20. Moderator note: merged from discussion in Vancouver forum. Did anyone catch Anthony Bourdain's "No Reservations" Vancouver Episode on the Travel Channel the other night? There is more discussion over in the Food Media Arts section but I thought it would be interesting to get the local take on his visit. The show was taped last July (during a miserably rainy week) and the food highlights were: Tojo's, Cioppinos, Vij's and .... Japadog. On an excursion to Vancouver Island he visited (can you guess?)....Sooke Harbour House. Now, I know that every local will yawn at these choices (I sure did) and I understand that on a global perspective we need to showcase our best (and these are all solid places). It just seems that for a guy who has been here before he could have tried a little harder and dug a bit deeper into equally solid and more interesting choices. A throwaway segment he filmed in Gastown could have easily been a visit to Salt. Worst sin of omission? Not a single Chinese restaurant or even a mention of the Chinese food scene. This series is, of course, a travelogue and not wholly dedicated to things food but I really hoped for more from the old food maverick.
  21. I guess this brings up the thought that any Bourdain fix is arguably miles ahead of 90% of any other food related tv these days? Having said that I still feel I have to call him on what I perceive as a lazy planning exercise (although satisfying it seems for the great majority of viewers who have not visited Vancouver). Interestingly he mixes unattainable aspects: visiting Electronic Arts campus and filming a bit with the world's worst director Uwe Bolle, combined with the most obvious restaurant choices. That bit of him playing the prima donna star with his hapless producer was lame and tired after the umbrella sequence. Is that what is needed to help market this to the masses or just inexpensive filler? There was a comment farther up about every town having a Chinatown and it gets redundant doing a feature all the time. No more than sushi or Italian food. The point I wanted to make about our Chinese food culture here is that our Chinatown is actually a very modest part of the whole Chinese scene which is easily one of the premier in N. America (if not the top). This may be good Bourdain to many but I have the feeling that this is him giving about a 50% effort.
  22. Funny, my take on it (being a Vancouverite) was that this was a by the numbers visit. You could have taken any Frommer's or upscale tourist guide and chosen these restaurants (especially the Sooke Harbour House). The only slightly quirky place he visited was Japadog which is a great little hot dog stand in front of a major downtown hotel. Not that the restaurants that he visited (Cioppino's, Tojo's, and Vij's) are not worthy, they absolutely are but they are the ones that have been done by every travel writer for the last few years. That there was nothing done on our incredible Chinese restaurant scene is almost beyond belief. I would have hoped for a mix of the obvious along with a couple of the savvy insider places.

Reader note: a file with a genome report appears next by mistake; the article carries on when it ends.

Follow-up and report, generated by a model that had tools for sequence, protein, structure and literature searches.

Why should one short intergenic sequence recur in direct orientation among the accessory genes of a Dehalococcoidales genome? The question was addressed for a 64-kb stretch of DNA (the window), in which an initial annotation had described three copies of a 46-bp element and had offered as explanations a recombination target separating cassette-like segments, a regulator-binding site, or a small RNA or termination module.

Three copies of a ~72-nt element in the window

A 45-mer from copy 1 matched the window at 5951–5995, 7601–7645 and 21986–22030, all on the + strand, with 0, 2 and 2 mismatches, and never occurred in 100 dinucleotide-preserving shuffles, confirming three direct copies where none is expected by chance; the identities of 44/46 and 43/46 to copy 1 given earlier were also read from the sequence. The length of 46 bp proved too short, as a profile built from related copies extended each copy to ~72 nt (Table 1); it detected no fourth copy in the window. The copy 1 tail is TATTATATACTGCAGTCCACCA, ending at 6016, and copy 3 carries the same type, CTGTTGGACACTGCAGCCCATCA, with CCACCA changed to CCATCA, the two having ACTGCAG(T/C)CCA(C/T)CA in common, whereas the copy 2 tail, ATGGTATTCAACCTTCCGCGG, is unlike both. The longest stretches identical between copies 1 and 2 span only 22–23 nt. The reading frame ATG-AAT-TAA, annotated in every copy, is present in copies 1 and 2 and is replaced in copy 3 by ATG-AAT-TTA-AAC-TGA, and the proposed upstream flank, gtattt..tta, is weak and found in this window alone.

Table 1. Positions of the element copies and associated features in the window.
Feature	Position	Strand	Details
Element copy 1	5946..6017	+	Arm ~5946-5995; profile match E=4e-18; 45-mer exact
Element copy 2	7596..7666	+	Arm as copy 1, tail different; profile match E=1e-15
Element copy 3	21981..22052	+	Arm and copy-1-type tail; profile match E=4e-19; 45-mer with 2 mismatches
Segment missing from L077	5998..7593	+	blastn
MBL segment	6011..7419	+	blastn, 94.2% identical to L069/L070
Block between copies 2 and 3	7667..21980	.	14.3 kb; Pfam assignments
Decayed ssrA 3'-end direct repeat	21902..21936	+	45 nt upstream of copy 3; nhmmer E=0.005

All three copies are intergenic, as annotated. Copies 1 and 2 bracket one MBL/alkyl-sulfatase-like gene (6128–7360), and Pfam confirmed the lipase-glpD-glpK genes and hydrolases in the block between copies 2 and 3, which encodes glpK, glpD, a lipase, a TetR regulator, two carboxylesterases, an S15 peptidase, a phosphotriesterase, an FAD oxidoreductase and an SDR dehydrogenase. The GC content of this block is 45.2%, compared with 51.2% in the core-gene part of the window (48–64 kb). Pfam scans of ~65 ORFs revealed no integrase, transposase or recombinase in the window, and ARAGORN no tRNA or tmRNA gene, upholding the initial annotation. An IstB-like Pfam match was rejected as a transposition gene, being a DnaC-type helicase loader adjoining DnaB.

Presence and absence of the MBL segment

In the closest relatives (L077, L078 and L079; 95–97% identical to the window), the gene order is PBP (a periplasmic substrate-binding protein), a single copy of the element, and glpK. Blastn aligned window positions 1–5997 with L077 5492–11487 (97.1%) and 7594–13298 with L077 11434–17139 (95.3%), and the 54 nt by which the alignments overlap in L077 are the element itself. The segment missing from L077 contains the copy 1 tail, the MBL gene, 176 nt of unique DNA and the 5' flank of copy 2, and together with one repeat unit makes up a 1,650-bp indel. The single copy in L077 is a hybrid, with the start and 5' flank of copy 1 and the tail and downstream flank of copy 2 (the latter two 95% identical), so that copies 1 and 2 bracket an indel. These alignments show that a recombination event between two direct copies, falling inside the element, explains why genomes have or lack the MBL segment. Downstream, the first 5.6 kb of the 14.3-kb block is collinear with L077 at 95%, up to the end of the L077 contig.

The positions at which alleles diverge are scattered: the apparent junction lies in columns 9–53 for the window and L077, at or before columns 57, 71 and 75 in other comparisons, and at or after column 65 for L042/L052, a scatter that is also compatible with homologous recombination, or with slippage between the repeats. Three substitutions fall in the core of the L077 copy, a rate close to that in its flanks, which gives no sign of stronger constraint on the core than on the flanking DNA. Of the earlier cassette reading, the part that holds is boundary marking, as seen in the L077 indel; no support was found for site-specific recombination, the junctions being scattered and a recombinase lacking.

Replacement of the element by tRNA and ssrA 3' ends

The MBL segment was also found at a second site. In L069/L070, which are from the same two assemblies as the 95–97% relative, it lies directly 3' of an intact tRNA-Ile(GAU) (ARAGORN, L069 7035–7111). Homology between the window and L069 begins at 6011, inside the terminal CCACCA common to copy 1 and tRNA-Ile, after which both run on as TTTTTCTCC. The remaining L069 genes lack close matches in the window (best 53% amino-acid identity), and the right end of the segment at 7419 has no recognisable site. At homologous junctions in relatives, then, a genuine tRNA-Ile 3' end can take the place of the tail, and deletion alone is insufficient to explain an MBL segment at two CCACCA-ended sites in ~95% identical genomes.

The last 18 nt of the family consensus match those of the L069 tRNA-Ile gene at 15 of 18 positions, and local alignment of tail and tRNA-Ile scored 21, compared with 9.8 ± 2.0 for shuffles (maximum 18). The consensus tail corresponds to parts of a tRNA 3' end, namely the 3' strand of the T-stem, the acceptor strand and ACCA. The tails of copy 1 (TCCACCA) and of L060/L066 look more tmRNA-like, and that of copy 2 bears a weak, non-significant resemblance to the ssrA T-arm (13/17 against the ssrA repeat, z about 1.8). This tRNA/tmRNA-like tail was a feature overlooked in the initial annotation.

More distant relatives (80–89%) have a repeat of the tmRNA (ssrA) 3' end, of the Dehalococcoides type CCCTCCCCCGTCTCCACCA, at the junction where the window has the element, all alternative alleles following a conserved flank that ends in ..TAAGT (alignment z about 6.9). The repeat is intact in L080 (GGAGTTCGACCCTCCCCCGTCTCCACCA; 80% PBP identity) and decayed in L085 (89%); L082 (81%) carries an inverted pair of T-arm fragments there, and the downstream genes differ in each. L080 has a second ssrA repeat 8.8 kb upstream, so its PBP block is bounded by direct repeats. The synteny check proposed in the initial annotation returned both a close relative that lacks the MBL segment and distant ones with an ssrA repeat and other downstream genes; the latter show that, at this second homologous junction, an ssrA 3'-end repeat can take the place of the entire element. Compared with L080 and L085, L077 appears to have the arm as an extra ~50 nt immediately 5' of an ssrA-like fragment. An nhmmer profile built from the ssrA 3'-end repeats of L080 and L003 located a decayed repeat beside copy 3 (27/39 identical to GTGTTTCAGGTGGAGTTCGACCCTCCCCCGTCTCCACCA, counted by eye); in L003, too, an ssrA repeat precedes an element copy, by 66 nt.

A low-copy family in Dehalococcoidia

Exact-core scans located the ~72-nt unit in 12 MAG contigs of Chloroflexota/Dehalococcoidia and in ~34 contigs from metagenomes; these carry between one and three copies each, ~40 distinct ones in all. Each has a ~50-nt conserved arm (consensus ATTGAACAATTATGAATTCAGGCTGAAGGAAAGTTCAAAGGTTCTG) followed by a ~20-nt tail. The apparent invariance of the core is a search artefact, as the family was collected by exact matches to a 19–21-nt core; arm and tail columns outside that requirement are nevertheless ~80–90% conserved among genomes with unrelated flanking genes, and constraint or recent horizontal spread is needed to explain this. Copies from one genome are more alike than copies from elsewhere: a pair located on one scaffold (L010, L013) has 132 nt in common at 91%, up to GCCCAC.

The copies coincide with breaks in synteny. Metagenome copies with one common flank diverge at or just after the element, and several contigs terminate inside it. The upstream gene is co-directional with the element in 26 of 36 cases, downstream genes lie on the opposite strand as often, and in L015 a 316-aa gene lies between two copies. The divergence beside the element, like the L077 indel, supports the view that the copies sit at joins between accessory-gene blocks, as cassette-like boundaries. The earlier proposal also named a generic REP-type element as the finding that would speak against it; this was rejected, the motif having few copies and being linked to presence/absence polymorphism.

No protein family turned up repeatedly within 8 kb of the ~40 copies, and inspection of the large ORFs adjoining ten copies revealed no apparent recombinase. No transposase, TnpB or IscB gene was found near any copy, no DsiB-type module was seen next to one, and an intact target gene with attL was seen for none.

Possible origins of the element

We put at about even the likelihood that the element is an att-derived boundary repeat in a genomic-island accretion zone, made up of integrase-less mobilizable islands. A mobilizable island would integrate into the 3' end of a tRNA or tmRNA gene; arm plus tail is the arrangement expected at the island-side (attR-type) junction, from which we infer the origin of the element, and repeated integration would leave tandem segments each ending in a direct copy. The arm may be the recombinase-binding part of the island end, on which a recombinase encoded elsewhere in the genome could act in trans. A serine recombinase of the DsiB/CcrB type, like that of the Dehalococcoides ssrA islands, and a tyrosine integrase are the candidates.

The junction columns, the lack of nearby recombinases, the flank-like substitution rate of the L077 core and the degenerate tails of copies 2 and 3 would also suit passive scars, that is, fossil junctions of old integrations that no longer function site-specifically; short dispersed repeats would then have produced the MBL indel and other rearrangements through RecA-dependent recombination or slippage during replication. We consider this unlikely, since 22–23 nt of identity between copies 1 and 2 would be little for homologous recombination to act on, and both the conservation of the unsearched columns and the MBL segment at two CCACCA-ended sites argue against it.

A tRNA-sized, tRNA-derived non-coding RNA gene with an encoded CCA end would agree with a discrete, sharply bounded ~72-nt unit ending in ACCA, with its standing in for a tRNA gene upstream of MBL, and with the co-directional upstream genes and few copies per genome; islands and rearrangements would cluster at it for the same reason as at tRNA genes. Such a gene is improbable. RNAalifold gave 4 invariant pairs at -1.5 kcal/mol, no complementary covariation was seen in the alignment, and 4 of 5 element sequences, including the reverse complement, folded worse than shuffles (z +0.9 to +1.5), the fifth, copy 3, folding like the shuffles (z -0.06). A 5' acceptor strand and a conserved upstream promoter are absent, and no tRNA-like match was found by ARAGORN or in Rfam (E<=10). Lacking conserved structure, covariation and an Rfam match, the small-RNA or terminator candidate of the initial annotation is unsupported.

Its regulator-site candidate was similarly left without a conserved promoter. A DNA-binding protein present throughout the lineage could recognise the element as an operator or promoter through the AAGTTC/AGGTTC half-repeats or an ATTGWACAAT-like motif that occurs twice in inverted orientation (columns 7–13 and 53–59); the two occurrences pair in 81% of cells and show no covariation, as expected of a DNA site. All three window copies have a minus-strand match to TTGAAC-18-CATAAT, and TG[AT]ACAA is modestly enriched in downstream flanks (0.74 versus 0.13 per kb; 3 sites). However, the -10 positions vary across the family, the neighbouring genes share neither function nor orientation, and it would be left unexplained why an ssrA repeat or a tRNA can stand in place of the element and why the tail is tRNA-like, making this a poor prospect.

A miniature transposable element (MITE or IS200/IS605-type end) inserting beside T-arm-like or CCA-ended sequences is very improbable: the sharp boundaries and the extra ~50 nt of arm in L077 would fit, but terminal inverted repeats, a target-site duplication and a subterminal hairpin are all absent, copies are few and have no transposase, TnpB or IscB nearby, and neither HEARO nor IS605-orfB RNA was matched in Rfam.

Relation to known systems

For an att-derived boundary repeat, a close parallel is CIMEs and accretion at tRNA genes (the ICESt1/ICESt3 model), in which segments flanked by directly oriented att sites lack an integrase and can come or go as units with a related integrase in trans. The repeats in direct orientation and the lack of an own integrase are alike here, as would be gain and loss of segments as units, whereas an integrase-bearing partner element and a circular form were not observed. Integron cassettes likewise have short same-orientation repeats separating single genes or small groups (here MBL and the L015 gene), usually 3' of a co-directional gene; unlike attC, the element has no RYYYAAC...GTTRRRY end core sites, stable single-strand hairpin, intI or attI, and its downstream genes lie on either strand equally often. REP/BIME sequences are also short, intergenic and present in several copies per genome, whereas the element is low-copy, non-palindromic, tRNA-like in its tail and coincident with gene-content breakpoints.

23. Looks like Fish restaurant on 4th has called it a day. Windows papered over, sign gone.
  24. eatrustic


    No problem. Just wrap it in Saran or in a plastic bag to keep the moisture in. Since the Germans like theirs dryer than we do yours can only get more authentic! I even gild the lily by putting butter on mine once they get past 10 days or so. Happy New Year!.
  25. eatrustic


    Finally scored a Four Seasons Stollen yesterday and since I was heading to the North Shore anyway I thought I might as well do a comparison of the two "carriage trade" Stollens. I actually bought both sizes of the Thomas Haas as I wanted a large for Christmas and took one for the team and bought the smaller size as well since it would give a direct comparison to the Four Seasons version. As you can see they are almost identical in size - 6"x 3 1/2" (the Haas is cheaper at $16.) Most recipes I've seen for Stollens call for the yellow raisins but personally I like either version. The golden raisin version is Four Seasons and the dark raisin is Thomas Haas. And whose Stollen reigns supreme? I have to say that they are so close at first tasting that I honestly can't say which is better. Both are nice and moist and the almond paste in each one is of high quality. The Thomas Haas Stollens might get the edge as the small size is cheaper by about $3. (if bought at his shop) -otherwise the same price if bought at Edible Vancouver (G.I.). The larger Haas is still the better deal overall as it is easily twice the size and has the traditional shape. Both make very nice gifts as they come beautifully packaged and in fancy carrying bags. I can't see there being any better Stollens in Vancouver and perhaps in Canada at this point. All that's left for my search is to order from one of the really famous artisan bakeries in Germany. They do mail order all the time and this would tell me what the state of the art really is since I've never been to Germany. It'll have to wait until next year though. Time's just about up!